Comedy it seems, is the safest and fastest route to stardom. Comedy disarms viewers’ reservations and natural distrust. It makes them feel at ease. And Maine is a natural comedienne. Friends claim that, although she’s reserved around new people, she’s in her natural wacky element when she’s with friends. She can contort her face, twist her lips, open her mouth loud, raise her eyebrows, so easily as if all of her facial muscles have its own brain. She could look morose, disgusted, shocked, coy and giggly like a high school teenager meeting her crush. She could look sensual and sweet. She could also look like a clown and a mule!
Maine’s antics are refreshing to viewers who are used to the cutesy but staled pretty faces of commercial models, child actors, and manufactured love teams. Maine came in like a lighted dynamite, with her raw comedic power and self-deprecating humor. She loves the camera and with little coaching she could carry the plot of the story and hold out her own against the veteran trio of Wally Bayola, Jose Manalo, and Paolo Ballesteros. She brought in something new yet familiar. Fans are more emotionally drawn to her antics. She won our hearts and maybe Alden’s as well.
Queen of Social Media
Maine had always wanted to become an actress but didn’t know where to start. Besides, she claimed she didn’t think she had the right looks and talents to become one. Although shy, she explored and developed her social media presence. She maintains several social media accounts: a blog, a youtube channel, a facebook page, twitter, instagram, and ask.fm accounts. These are where she uploaded her videos, shared her thoughts, feelings, aspirations and rants. She didn’t expect the onslaught of fans, but she was ready. The fans had an early Christmas with a truckload of her pre-fame pictures, videos, and thoughts!
Before she wanted to entertain people, but only the people in her own small world. Little did she know that the whole world would come crashing in her door one day. For Maine Mendoza, the whole world is her oyster now.
O, ano? Mas matamis ang bunga kapag pinaghirapan di ba? Mas masarap kung pinagsumikapan?
I imagine Lola Nidora saying the above words not just to the star-crossed YayaDub and Alden, but also to each fan, to each viewer, to each one of us. Rightly so. I strongly believe that in these last two months of Kalye Serye, she is really the foundation of the story and the star of the show. Like a foundation that is hidden from view but supports a building. Like a star that does not force its shine on us. Many times we take stars for granted, but whether we like it or not, they shine. Lola’s wisdom, her shine, guides us as it guides the young smitten lovers.
We can say the whole AlDub nation (as fans call themselves) have been on a roller-coaster ride of emotions from the hit segment of Eat Bulaga. Of course, the kilig is there, overflowing and sometimes sweeping us off our feet. But it was the character of Lola Nidora who provided the occasion for the kilig, for the values, for the whole story. Many of us thought that, ah she is the evil stepmother who prevents the physical meeting of YayaDub and Alden. Well in fact she did! She had Alden beaten up. She had Yaya locked up in a van. She gave challenges for Alden to surpass. She even even encouraged a rich suitor for Yaya and nearly executed a false wedding (to defraud the suitor). And for her that was not enough. When she finally approved of Yaya’s meeting with Alden, she had a wall fall down between them just when the two were a foot apart. What cruelty! But she had her reasons. She wanted the two to grow their fondness from kilig to real love, from infatuation to sacrificial love. From the spur of the moment emotion to finding the Tamang Panahon.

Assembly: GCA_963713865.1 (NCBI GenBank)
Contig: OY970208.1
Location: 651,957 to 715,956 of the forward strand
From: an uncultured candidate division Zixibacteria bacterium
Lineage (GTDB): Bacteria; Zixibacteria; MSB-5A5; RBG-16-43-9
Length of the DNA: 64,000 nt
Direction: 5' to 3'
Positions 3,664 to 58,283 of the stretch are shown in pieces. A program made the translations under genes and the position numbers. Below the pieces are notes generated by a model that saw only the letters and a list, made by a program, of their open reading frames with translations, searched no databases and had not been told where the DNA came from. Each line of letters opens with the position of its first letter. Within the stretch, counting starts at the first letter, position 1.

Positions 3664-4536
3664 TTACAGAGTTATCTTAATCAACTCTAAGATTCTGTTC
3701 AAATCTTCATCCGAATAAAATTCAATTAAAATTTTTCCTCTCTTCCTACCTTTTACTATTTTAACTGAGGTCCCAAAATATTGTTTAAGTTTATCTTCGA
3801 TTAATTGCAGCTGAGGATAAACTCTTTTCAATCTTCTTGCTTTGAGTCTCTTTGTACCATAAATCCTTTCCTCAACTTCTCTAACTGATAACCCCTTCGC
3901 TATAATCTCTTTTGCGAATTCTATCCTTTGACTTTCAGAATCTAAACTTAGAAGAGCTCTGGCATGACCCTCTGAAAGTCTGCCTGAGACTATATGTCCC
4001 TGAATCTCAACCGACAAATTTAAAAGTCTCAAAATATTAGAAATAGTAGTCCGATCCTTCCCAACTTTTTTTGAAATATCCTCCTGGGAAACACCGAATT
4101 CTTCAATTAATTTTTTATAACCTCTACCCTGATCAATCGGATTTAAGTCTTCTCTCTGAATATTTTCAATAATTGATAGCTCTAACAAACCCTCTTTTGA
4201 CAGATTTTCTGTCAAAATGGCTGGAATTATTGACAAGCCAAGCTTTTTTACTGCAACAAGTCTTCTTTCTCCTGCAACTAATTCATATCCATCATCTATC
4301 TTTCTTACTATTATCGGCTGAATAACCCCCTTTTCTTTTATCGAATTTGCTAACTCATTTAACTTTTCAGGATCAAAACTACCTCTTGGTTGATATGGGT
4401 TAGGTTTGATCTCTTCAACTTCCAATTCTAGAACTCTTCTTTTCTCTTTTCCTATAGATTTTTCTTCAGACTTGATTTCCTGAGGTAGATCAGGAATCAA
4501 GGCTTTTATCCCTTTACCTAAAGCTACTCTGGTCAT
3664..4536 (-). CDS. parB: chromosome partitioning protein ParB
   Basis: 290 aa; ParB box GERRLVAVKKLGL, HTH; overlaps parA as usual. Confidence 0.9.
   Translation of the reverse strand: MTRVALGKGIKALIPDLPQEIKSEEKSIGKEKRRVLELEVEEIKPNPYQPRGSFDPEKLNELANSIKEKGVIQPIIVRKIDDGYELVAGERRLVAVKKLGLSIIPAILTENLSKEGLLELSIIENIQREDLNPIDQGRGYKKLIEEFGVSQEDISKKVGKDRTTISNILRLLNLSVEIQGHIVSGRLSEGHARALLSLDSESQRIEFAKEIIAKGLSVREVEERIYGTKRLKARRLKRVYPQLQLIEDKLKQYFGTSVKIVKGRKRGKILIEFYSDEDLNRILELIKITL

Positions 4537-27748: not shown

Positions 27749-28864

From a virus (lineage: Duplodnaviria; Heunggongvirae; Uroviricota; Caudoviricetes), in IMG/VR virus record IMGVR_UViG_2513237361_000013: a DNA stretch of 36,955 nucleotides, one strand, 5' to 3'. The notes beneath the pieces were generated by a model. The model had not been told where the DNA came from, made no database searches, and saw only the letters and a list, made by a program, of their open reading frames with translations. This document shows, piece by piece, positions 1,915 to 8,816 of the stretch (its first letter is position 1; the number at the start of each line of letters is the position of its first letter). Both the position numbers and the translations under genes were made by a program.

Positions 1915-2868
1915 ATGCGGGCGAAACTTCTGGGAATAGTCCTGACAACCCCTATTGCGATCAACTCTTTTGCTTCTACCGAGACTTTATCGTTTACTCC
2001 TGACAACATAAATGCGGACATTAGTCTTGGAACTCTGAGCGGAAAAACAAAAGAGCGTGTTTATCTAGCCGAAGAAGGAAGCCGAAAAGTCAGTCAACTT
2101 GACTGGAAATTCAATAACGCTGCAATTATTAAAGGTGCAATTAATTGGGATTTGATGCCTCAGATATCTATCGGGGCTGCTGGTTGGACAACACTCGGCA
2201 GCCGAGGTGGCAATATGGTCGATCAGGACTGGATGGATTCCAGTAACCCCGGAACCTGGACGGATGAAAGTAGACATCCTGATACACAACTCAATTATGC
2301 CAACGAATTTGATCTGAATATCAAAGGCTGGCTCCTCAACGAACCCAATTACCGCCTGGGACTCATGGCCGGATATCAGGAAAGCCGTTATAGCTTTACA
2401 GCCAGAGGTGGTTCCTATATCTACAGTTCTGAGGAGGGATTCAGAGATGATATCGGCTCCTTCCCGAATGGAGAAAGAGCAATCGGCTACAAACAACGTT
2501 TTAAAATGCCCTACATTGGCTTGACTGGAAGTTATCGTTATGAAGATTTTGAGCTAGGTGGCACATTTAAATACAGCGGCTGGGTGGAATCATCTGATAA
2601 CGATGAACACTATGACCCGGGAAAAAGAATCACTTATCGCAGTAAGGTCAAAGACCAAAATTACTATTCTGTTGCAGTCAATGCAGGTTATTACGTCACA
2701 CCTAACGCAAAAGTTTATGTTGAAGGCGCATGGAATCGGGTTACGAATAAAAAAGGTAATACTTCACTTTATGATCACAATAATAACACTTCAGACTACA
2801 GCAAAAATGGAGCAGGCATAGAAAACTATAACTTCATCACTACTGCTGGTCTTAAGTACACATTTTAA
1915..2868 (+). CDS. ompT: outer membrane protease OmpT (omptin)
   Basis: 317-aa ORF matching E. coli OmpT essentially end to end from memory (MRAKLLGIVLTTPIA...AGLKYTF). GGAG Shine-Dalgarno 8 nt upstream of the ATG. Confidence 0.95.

Well Lola also ‘developed’ in these last two months, from being strict to being sympathetic and now, supportive of the two. Ngayon pagkatapos ng dalawang buwan ng panghahadlang, pinayagan na nyang magkita ang dalawa sa isang date. Peron may pahabol syang lesson, which the media and twitter fans kinda missed. She said in a meek voice (I summarize) Bakit ba kayo excited e first date pa lang naman to? Hindi pa nga nila kilala ang isa’t isa.
Ang galing di ba? And tama si Lola. Love is sweeter, more lasting when it is worked for and fought for. Kapag pinaghirapan, kapag pinagsumikapan.
Now we don’t know how Eat Bulaga’s creatives will develop the story. It seems they will finally give voice to Maine Mendoza, who plays Yaya Dub. (Maine and Alden will star in Vic Sotto’s movie and shooting begins next week) Most probably, the KalyeSerye love team will continue, but on a higher note. Mag bf/gf na talaga ang dalawa. In any case, we look forward to it and to Lola’s wisdom.
Like thousands of Filipinos, I’d like to know how the AlDub phenomenon has taken over the online and offline Philippines. The split-screen loveteam, virtually unknown two months ago, has cut across geographic, social, economic, and gender strata, and endeared Maine Mendoza, Alden Richards, and the comedic trio of Jose, Wally, and Paolo to millions of Filipinos. Indeeed, Eat Bulaga’s ragtag team has done what no politician could ever do: unite the entire nation in less than two months.
It’s futile to explain its success, but I think five reasons stand out: the discovery of Maine Mendoza (a.k.a Yaya Dub), the Pinoys’ love for what’s nakakakilig, the silly storyline and new format of telling it, the strength and persistence of its social media fan base, and the comedic genius of Jose Manalo, Wally Bayola, and Paolo Ballesteros (Jowapao for short).